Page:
In the modern era, there is great convergence in the technologies used by friendly nations and by hostile ones. Signals intelligence agencies find themselves penetrating the technologies that they also at times must protect. To ease this tension, the United States and its partners have relied on an approach sometimes called Nobody But Us, or NOBUS: target communications mechanisms using unique methods accessible only to the United States. This paper examines how the NOBUS approach works, its limits, and the challenging matter of what comes next.
Monica Duffy Toft is Professor of International Politics and Director of the Center for Strategic Studies at Tufts University’s Fletcher School of Law and Diplomacy. Prior to Tufts, Toft was Professor of Government and Public Policy at Oxford University’s Blavatnik School of Government for four years after having taught at Harvard’s Kennedy School for over a decade. She was educated at the University of Chicago (MA and PhD in political science) and the University of California, Santa Barbara (BA in political science and Slavic languages and literature, summa cum laude). Before college, she spent four years in the United States Army as a Russian linguist. Professor Toft is a Global Scholar of the Peace Research Institute in Oslo and a member of the Council on Foreign Relations, the Minorities at Risk Advisory Board and the Political Instability Task Force. The Carnegie Foundation of New York named her a Carnegie Scholar for her research on religion and violence. Most recently she was awarded a Fulbright fellowship to Norway and the World Politics Fellowship at Princeton University.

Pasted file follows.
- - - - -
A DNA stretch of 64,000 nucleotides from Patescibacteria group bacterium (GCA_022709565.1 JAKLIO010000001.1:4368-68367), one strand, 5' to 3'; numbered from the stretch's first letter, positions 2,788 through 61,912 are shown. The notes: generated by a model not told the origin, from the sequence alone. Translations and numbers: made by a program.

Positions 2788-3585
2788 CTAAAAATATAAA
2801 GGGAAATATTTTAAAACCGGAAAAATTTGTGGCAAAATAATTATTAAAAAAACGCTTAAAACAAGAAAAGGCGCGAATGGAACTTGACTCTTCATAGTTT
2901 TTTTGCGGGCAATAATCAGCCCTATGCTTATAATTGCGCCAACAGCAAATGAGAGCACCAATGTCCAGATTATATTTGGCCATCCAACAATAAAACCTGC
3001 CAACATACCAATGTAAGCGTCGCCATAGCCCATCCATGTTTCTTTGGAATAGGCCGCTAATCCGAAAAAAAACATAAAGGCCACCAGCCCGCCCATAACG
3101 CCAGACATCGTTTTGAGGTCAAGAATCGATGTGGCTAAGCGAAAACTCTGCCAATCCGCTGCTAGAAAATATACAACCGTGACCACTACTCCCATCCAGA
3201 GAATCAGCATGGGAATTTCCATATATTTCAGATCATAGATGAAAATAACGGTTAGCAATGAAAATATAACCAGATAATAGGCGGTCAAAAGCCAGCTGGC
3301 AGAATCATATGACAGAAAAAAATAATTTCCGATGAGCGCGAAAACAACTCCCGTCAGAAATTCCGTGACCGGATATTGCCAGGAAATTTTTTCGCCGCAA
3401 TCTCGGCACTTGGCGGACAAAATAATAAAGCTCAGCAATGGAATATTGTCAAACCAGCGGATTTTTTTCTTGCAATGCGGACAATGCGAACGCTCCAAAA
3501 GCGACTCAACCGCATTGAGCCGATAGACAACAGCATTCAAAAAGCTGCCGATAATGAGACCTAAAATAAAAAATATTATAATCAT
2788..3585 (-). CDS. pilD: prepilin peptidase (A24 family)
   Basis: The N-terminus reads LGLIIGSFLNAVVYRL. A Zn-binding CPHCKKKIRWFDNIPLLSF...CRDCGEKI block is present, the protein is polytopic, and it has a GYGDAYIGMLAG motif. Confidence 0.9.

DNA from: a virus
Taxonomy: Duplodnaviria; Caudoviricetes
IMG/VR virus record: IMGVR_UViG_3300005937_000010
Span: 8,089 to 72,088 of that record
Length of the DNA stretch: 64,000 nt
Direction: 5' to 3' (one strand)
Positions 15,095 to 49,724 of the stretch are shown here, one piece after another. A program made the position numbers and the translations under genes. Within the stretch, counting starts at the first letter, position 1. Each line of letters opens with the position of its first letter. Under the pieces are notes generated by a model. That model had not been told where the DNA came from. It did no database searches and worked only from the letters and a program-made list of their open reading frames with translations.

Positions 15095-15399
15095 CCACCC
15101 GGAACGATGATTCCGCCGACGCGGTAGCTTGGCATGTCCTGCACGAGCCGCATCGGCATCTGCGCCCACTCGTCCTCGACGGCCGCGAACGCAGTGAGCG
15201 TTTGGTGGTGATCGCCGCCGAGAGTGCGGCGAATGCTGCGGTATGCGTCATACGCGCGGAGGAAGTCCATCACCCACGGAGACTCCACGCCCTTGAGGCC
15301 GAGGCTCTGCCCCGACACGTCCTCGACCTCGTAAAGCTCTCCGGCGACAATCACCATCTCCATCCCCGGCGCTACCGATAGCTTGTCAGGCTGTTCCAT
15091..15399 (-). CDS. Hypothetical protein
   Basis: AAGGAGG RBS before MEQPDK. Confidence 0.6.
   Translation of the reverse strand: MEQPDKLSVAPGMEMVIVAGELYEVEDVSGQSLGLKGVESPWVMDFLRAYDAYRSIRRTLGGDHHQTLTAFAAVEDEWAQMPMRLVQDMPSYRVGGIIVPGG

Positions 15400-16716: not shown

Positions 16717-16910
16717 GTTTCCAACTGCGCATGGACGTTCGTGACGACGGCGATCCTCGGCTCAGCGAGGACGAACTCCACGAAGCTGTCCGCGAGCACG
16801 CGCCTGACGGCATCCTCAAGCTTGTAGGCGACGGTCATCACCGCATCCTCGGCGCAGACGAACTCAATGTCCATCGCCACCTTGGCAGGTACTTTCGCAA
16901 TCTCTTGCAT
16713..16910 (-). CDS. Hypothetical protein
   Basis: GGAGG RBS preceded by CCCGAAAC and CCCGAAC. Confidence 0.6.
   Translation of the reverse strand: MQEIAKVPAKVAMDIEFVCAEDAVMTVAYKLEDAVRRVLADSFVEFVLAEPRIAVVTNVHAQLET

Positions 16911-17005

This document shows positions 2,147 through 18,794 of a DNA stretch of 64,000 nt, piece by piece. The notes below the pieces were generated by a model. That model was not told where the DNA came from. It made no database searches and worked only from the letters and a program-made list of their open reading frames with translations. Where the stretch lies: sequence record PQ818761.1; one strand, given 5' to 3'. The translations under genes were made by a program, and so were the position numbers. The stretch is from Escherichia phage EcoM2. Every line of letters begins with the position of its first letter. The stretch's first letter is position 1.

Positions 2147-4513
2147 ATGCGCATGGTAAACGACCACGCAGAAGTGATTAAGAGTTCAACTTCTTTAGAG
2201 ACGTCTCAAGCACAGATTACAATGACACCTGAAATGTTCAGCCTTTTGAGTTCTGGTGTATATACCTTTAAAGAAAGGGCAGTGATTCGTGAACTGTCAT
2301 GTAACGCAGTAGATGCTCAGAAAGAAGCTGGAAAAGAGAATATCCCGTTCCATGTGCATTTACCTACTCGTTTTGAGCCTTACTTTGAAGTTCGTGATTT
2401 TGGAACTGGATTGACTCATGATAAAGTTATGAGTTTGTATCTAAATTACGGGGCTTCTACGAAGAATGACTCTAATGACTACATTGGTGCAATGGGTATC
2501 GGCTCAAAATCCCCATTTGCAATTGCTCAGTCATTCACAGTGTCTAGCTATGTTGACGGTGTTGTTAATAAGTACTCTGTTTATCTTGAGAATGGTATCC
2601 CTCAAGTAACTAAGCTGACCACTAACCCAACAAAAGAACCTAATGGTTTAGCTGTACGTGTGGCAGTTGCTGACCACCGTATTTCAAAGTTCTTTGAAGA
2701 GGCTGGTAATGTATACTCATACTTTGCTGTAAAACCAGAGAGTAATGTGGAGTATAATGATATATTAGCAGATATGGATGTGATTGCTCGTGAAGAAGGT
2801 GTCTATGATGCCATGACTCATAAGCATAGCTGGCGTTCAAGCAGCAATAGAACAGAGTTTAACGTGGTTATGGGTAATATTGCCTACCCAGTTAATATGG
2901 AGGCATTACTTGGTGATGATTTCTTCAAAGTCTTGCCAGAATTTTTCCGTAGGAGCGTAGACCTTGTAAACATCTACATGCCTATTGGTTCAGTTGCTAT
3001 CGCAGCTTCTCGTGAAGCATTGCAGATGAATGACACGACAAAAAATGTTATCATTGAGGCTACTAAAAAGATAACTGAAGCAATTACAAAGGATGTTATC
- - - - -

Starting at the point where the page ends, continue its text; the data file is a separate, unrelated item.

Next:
Professor Toft’s areas of research include: international security and foreign policy, ethnic and religious violence, civil wars, and political demography. In addition to publishing numerous scholarly articles and policy pieces on global politics and international security, her most recent books include Political Demography: How Population Changes are Reshaping International Security and National Politics (Oxford), Rethinking Religion in World Affairs (Oxford,), God’s Century: Resurgent Religion and Global Politics (Norton) and Securing the Peace (Princeton).Last Updated: Feb 27, 2017, 2:28pm